• By this amendment parliament tried to nullify the Kesavananda bharti judgement, amendment to A.368.

  • There is no limitation (such as basic structure) on the amending power of parliament.

  • No amendment can be questioned in any court of law (no judiciary review).

 

In 1980-

MINERVA MILLS Ltd V. UNION OF INDIA[4]

In this case, Supreme Court held that power of judicial review of the Supreme Court is the basic structure of the constitution.

As, this amendment is violating the basic structure, hence invalid.

 

In 1981-

THE WOMAN RAO CASE[5]

The Supreme Court adhered to the doctrine of the ‘basic structure’ and further clarified that it would apply to constitutional amendment enacted after April 24, 1973 (i.e., the date of the judgement in the Kesavananda bharti case).

 

 

ELEMENTS OF THE BASIC STRUCTURE

The present position is that the Parliament under Article 368 can amend any part of the Constitution including the Fundamental Rights but without affecting the ‘basic structure’ of the Constitution.

 However, the Supreme Court is yet to define or clarify as to what constitutes the ‘basic structure’ of the Constitution. From the various judgments, the following has emerged as ‘basic features’ of the Constitution or elements / components / ingredients of the ‘basic structure’ of the constitution:

  • Supremacy of the Constitution

  • Sovereign, democratic and republican nature of the Indian polity

  • Secular character of the Constitution

  • Separation of powers between the legislature, the executive and the judiciary

  • Federal character of the Constitution

  • Unity and integrity of the nation

  • Welfare state (socio-economic justice)

  • Judicial review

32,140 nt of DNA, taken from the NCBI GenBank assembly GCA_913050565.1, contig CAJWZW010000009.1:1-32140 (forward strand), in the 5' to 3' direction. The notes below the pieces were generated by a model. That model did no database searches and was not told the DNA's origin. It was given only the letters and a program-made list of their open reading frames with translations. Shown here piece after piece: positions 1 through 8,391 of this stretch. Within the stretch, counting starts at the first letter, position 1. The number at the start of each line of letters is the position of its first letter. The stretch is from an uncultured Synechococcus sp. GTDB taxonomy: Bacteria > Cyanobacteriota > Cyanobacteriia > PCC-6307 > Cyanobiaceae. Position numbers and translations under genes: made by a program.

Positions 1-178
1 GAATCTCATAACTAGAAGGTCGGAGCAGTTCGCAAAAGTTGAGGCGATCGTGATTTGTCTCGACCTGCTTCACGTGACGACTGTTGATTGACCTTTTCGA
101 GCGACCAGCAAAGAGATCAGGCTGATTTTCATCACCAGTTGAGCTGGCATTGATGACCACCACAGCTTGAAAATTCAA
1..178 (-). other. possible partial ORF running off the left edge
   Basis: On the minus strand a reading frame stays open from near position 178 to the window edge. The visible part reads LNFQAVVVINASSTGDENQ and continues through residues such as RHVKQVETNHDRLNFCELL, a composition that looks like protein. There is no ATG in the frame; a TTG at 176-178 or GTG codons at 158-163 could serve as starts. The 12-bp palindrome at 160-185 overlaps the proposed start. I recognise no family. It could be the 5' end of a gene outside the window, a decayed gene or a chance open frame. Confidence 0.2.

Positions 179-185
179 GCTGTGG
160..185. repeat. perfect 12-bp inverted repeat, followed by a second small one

• Freedom and dignity of the individual

  • Parliamentary system

  • Rule of law

  • Harmony and balance between Fundamental Rights and Directive Principles

  • Principle of equality

  • Free and fair elections

  • Independence of Judiciary

  • Limited power of Parliament to amend the Constitution

  • Effective access to justice

  • Principle of reasonableness

  • Powers of the Supreme Court under Articles 32, 136, 141 and 142

 

 

CONCLUSION

Now it can be concluded that there is no defined general rule for basic feature of the constitution. Many different views have been given out by many judges in regards to the theory of basic structure. But the common point of all is that parliament has no authority to destroy or alter or emasculate the basic structure or framework of the constitution. “If the historical background, the preamble, the entire scheme of the constitution and the relevant provisions thereof including article 368 are kept in mind then there can be no difficulty, in determining what are the basic elements of the basic structure of the constitution. These words apply with greater force to doctrine of the basic structure, because, the federal and democratic structure of the constitution, the separation of powers, the secular character of our state is very much more definite than either negligence or natural justice.”[6] So for the protection of fundamental rights, unity and integrity of the nation and for liberty of belief, thought, expression, faith and worship, the interpretation of judiciary is mandatory. So we can say no one is above the constitution, the constitution is supreme.

                                                                                        

                                                                 

     

                   CHESTHA

GEETA INSTITUTE OF LAW